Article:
energy momentum tensor for the equation (119),
T

=
1
2
_


1
2
m

_
m

+ 2V ()
_
_
. (129)
Observe that T

is symmetric, i.e. T

= T

, and divergenceless, i.e. whenever


veries (119) we have,

= 0. (130)
COMPANION TO MATHEMATICS 51
For = 0, we can write,

t
T
00
+
3

i=1

i
T
0i
= 0. (131)
Integrating (131) on the hyperplane
t
, corresponding to a x value of t, i.e relative
to the space varibles x = x
1
, x
2
, x
3
, we derive the conservation law,
E(t) = E(0), where E(t) =
_
t
T
00
(132)
The conserved quantity,
E(t) =
_
t
_
1
2
(
t
)
2
+
1
2
3

i=1
(
i
)
2
+V ()
_
dx (133)
is called the total energy at time t. The identity (133) is called the law of con-
servation of energy. It clearly coincides with the denition we gave in (99) for the
particular case V = 0.
The conservation law (133) is the simplest example of a more general procedure
which relates symmetries of the underlying space to conservation laws. More pre-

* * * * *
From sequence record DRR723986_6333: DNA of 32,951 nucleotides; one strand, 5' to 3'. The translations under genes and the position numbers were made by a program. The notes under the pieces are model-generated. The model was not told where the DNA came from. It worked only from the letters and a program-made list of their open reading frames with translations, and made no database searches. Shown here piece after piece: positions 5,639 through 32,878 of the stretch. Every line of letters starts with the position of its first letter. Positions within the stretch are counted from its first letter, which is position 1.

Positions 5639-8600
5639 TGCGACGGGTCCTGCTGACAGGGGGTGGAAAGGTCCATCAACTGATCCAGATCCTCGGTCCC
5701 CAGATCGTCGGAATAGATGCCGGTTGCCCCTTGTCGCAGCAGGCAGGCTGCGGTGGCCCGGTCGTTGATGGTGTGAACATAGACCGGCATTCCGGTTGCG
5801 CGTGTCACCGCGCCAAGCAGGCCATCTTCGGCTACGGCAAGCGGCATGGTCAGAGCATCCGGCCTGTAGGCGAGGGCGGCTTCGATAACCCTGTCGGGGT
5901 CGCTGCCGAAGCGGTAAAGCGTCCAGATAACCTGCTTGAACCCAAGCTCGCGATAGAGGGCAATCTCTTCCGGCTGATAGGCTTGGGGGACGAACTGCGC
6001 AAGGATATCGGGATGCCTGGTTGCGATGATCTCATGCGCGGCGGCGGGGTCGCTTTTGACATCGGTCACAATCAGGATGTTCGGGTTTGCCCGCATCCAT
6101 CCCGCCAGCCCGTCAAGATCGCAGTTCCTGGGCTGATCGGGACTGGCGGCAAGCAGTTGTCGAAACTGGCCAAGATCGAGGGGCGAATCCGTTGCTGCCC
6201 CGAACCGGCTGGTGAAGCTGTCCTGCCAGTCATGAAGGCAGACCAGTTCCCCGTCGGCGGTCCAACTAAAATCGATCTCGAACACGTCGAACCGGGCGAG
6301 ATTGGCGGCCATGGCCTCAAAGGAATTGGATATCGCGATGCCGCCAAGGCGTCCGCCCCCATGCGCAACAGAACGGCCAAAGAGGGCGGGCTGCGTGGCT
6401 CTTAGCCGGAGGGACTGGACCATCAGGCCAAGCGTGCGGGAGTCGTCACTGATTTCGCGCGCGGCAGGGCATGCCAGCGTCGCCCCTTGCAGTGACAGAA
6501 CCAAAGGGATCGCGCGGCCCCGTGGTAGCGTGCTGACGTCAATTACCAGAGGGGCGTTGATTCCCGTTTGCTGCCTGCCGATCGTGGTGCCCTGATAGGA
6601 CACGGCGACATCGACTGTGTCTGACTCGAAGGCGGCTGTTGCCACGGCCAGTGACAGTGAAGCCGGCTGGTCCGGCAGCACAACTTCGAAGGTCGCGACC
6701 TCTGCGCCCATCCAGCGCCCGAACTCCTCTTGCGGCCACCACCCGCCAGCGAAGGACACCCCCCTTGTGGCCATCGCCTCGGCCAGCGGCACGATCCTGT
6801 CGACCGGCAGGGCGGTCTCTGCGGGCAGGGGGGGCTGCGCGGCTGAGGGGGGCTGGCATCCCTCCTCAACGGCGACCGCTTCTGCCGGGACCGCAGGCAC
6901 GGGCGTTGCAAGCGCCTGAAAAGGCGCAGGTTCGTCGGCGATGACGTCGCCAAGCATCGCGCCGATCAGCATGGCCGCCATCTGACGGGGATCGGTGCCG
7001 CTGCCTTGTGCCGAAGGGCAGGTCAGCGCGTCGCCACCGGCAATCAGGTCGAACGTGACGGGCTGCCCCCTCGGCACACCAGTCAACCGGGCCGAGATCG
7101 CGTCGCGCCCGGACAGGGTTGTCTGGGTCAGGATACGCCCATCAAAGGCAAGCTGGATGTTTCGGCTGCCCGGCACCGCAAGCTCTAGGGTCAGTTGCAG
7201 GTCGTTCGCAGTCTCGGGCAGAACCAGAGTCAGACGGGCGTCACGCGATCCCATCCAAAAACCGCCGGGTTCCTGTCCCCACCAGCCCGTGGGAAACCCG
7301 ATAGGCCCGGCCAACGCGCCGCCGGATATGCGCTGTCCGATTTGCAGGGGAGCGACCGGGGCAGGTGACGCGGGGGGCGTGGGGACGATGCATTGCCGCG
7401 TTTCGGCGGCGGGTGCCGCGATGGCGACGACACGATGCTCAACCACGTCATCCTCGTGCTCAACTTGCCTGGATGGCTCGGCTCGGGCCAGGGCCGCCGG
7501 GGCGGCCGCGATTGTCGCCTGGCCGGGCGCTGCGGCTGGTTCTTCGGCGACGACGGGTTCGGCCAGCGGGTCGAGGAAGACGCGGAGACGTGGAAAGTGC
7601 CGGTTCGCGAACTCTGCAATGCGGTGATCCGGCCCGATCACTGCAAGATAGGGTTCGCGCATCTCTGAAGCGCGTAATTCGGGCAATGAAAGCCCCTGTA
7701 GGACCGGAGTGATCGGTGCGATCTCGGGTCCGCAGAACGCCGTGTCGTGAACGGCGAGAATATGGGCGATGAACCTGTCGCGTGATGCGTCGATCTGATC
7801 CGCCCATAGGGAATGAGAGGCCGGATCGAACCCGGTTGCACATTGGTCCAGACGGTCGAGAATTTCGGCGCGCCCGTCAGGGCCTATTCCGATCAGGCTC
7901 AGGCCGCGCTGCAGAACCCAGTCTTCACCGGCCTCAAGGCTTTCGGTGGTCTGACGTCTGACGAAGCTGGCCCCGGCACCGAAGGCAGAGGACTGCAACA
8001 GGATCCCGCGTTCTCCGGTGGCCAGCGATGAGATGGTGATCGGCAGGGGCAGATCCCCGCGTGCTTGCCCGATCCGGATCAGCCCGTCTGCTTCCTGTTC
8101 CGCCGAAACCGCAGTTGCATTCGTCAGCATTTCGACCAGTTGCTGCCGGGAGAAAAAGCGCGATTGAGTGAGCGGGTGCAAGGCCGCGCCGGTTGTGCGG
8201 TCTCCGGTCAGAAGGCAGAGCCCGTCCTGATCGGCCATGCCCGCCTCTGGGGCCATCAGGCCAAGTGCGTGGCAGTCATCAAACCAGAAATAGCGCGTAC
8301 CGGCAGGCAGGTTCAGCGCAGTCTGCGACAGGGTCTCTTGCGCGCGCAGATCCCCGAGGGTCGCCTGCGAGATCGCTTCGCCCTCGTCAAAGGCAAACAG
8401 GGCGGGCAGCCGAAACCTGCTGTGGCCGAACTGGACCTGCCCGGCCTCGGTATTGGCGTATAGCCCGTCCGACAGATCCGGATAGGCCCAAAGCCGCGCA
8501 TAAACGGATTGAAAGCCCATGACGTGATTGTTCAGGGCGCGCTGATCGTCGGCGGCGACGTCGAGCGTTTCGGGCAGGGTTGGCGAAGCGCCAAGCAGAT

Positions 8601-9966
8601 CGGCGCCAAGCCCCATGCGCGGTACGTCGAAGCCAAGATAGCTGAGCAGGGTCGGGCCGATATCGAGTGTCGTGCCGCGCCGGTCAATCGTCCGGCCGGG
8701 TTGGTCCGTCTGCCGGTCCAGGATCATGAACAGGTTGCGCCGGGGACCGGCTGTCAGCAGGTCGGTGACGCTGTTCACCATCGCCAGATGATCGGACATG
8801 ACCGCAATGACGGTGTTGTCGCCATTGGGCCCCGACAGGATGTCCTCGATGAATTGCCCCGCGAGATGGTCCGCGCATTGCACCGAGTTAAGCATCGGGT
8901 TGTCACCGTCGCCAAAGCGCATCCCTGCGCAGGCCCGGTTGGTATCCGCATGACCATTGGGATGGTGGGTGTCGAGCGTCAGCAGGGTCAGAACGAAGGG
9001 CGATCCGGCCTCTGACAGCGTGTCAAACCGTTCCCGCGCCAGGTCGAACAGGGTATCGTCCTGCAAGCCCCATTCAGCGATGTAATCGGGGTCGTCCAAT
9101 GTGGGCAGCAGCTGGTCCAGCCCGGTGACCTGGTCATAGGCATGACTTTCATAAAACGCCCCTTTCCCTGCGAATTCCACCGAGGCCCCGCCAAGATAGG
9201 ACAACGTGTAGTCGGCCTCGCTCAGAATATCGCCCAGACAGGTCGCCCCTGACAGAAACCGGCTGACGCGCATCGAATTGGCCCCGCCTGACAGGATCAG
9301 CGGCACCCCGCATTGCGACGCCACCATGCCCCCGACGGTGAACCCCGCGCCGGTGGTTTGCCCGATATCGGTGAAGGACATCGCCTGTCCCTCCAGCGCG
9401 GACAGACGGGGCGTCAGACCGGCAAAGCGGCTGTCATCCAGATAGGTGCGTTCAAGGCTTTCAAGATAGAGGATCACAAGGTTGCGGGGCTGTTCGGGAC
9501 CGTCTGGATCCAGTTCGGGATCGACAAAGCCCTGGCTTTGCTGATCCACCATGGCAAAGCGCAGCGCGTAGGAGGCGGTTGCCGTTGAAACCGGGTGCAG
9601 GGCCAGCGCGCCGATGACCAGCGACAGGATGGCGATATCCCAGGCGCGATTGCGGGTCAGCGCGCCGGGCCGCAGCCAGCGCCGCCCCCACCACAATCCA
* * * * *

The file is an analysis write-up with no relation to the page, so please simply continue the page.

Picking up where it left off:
cisely consider a vectoreld X = X

. Let P

= T

. By a simple calculation,
using both the symmetry and divergence-less property (130) of T we derive,

=
1
2

(134)
where

is the deformation tensor of X.


Denition. A vectoreld X is said to be Killing if its deformation tensor van-
ishes identically.
For any Killing vectoreld X the right hand side of (134) vanishes. Therefore, as
in (131),

t
(T
0
X

) +
3

i=1

i
(T
i
X

) = 0
Integrating with respect to x
1
, x
2
, x
3
, we derive the conservation law,
_
t
T
0
X

=
_
0
T
0
X

(135)
Observe that (132) is a particular case of (135) corresponding to the Killing vec-
toreld X =
t
. Other conservation laws can be derived by choosing X =

,
X = t
i
+ x
i

t
or X = x
i

j
x
j

i
, for i, j = 1, 2, 3. One can show that these
Killing vector-elds are the generators of the one parameter groups of translations,
rotations of the spatial coordinates and Lorentz transformations. As we have seem